Every stage of life has its strengths, and we should be willing to exploit those strengths. The natural progression of life is one of accumulated wisdom and knowledge. Add some youthful enthusiasm to all that accumulated knowledge and you’ll have good reason to feel excited about each new day.

Do you have a sense of enthusiasm about the future?
Do you someone older with youthful enthusiasm and optimism?
The lines are open!

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  1. Frank J October 19, 2009 Reply

    At 47, life is good and if it wasn’t, I’d still keep a positive outlook.

    • Jonathan October 19, 2009 Reply

      Hey Frank, you’ll never get old because you’re too busy having fun!

  2. Nea October 19, 2009 Reply

    Great post. Tell Rick to come visit me. I’m the enthusiasm queen. If I fall down the steps, I sit there and laugh aloud at myself. I figure either I needed a good look at the ground or the Universe was shielding me from some flying bug. I make free time every single week to have fun with my teenage daughter. I don’t exactly look as cool as she does when we dance, but I look as cool as I can. I color pictures, skip in the rain, watch cartoons, and surround myself with people who are equally “strange.” I’m 32 yet I often get asked if I’m my daughter’s sister or fried. Forever young!!

    • Jonathan October 19, 2009 Reply

      Nea, I just love your attitude. Keep that mindset and you will enjoy every day. I’m the oldest person on this page and, as far as I am concerned – Life rocks!

  3. Karlil October 19, 2009 Reply

    When one stay in the past, there is no meaning to improving himself to make a better future, as he is putting his focus on things that does not change. Great article Jon!

    • Jonathan October 19, 2009 Reply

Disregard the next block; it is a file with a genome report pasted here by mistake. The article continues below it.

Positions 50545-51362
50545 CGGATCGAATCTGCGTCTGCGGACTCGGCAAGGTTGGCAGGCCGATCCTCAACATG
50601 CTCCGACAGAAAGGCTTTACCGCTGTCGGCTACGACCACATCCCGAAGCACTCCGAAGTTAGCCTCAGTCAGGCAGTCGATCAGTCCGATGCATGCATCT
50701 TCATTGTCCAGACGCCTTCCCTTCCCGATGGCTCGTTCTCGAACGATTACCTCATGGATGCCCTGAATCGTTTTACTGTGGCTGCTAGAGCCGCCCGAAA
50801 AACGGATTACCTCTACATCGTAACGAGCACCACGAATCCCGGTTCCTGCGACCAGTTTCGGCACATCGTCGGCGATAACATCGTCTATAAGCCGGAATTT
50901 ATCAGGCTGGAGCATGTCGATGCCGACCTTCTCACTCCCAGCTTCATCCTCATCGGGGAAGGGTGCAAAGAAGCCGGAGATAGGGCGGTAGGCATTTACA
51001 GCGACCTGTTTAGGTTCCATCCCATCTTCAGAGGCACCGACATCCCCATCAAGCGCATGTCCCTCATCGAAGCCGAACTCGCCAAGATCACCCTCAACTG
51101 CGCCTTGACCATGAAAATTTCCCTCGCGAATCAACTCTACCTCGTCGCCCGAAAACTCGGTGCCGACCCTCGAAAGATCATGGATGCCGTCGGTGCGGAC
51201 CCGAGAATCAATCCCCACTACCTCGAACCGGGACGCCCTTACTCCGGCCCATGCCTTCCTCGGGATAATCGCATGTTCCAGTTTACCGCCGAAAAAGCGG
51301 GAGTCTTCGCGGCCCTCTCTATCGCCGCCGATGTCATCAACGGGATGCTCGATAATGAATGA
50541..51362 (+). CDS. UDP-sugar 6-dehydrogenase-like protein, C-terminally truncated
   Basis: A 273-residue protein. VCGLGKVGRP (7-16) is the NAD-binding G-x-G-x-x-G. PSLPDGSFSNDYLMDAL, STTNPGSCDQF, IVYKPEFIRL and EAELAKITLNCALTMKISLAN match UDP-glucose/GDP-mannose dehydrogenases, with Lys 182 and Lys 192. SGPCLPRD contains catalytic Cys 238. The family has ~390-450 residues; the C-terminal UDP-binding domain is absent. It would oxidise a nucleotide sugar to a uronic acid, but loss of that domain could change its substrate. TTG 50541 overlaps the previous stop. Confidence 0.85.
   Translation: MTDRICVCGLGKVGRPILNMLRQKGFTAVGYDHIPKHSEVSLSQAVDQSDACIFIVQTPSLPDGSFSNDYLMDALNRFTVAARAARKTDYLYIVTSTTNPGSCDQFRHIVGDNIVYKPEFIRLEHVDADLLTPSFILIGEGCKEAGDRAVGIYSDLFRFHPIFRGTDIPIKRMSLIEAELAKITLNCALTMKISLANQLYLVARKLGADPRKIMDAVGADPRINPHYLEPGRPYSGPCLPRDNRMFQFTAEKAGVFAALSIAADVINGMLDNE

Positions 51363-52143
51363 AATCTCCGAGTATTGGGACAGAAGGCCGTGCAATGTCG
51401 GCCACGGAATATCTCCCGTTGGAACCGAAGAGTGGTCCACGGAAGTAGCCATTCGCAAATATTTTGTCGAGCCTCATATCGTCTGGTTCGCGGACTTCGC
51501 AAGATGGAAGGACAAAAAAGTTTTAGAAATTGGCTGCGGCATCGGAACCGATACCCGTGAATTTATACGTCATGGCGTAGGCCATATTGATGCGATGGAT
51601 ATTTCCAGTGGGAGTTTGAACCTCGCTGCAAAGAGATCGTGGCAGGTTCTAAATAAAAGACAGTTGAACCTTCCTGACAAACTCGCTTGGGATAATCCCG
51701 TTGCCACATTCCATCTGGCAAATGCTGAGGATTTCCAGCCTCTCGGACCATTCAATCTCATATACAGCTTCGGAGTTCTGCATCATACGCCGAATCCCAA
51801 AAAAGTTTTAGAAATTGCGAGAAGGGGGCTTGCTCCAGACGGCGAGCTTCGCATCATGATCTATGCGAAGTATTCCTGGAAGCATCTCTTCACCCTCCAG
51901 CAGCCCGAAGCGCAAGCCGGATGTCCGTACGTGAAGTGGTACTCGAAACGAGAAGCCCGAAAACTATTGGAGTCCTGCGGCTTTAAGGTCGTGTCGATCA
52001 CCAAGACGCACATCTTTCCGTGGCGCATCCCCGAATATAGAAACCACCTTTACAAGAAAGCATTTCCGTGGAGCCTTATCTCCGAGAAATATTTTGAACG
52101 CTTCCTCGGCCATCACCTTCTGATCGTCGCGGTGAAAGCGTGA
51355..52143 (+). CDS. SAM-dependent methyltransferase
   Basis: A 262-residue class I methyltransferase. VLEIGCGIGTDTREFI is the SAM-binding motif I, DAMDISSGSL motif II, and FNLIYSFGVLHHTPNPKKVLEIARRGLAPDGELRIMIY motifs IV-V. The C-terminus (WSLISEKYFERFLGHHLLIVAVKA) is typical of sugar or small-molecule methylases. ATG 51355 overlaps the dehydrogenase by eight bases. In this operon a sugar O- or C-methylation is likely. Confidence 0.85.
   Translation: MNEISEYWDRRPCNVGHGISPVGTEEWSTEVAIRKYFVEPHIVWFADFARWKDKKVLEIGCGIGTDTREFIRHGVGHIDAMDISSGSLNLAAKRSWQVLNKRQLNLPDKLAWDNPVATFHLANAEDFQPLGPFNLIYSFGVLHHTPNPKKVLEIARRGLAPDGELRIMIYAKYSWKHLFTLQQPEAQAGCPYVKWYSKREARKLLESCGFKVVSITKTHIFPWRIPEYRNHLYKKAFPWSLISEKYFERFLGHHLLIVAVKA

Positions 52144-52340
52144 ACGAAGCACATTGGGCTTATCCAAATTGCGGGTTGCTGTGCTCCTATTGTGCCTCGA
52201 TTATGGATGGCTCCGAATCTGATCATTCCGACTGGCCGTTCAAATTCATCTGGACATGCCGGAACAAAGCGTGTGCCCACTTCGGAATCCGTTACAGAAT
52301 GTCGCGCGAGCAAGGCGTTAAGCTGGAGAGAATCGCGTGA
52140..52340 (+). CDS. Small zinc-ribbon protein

Hi Nik, not only does the past not change, but it also doesn’t exist. It’s just a mental picture that’s probably been exaggerated as the years go by. Life happens in the present and unfolds into the future.

  4. Josh Hanagarne October 19, 2009 Reply

    Wonderful post. I’d love to meet Rick. Sounds like a great dude.

    As long as I am moving towards a goal, I feel young. I don’t dwell on the past, and I try not to fixate on the future. But every day, I do want to take a step towards a bigger goal. This makes me feel like every day is a win. Even when I have a terrible day, I try to make a move towards something that is important to me.

    It’s hard not to be excited when you’re making progress. You’re never too old to make progress. I hope :)

    • Jonathan October 19, 2009 Reply

      Greeting Josh, and thanks for joining us. You made some great points and I just love the name of your blog. Here’s to continued progress on all fronts.

  5. Steven Aitchison October 19, 2009 Reply

    Another good one Jonathan.

    I was talking to my mum on the phone last night, who is 60, and she was saying how she will never feel old as she is so very young in the mind. When I said I felt the same but I seemed to get a lot of physical problems when I hit 40 she advised ‘that’s because it’s taken 40 years of the abuse to catch up, and nothing to do with you being 40′. I laughed at this, but it’s very true.

    • Jonathan October 20, 2009 Reply

      Hi Steve, your mom sounds like a smart lady. The physical abuse thing is right on the money. As the years go by, and the over use (abuse) catches up with us, we begin to realize something. Body parts wear out, and then we recognize the need to start being more aware of how we use those parts.

      After years of heavy lifting, and several herniated discs, I finally figured out that it doesn’t matter how strong the rest of your body is, your discs can only take so much compression. So now I work around it and have designed a program that allows me to keep getting stronger and leaner without causing and spinal compression.

      In the long run, a young attitude and the ability to adapt to changing circumstances will help us maintain our youthful enthusiasm. Say hi to your mum for me!

  6. Marilou Silverman October 20, 2009 Reply

    Very good reminder for everyone. Do – take steps to stay physically fit and active. And don’t – ignore your health until it’s too late. This is the best, esp. for me.

    • Jonathan October 20, 2009 Reply

      Hi Marilou, as we get older our physical condition becomes a more accurate age indicator than our chronological age. Maintaining our health and fitness will pay HUGE dividends as the years go by. In contrast to many of my chronological peers (I’m 58), who are on various prescriptions medications, I haven’t been to a doctor in over 30 years. Take care of your body and it will take care of you.

  7. John Duffield October 20, 2009 Reply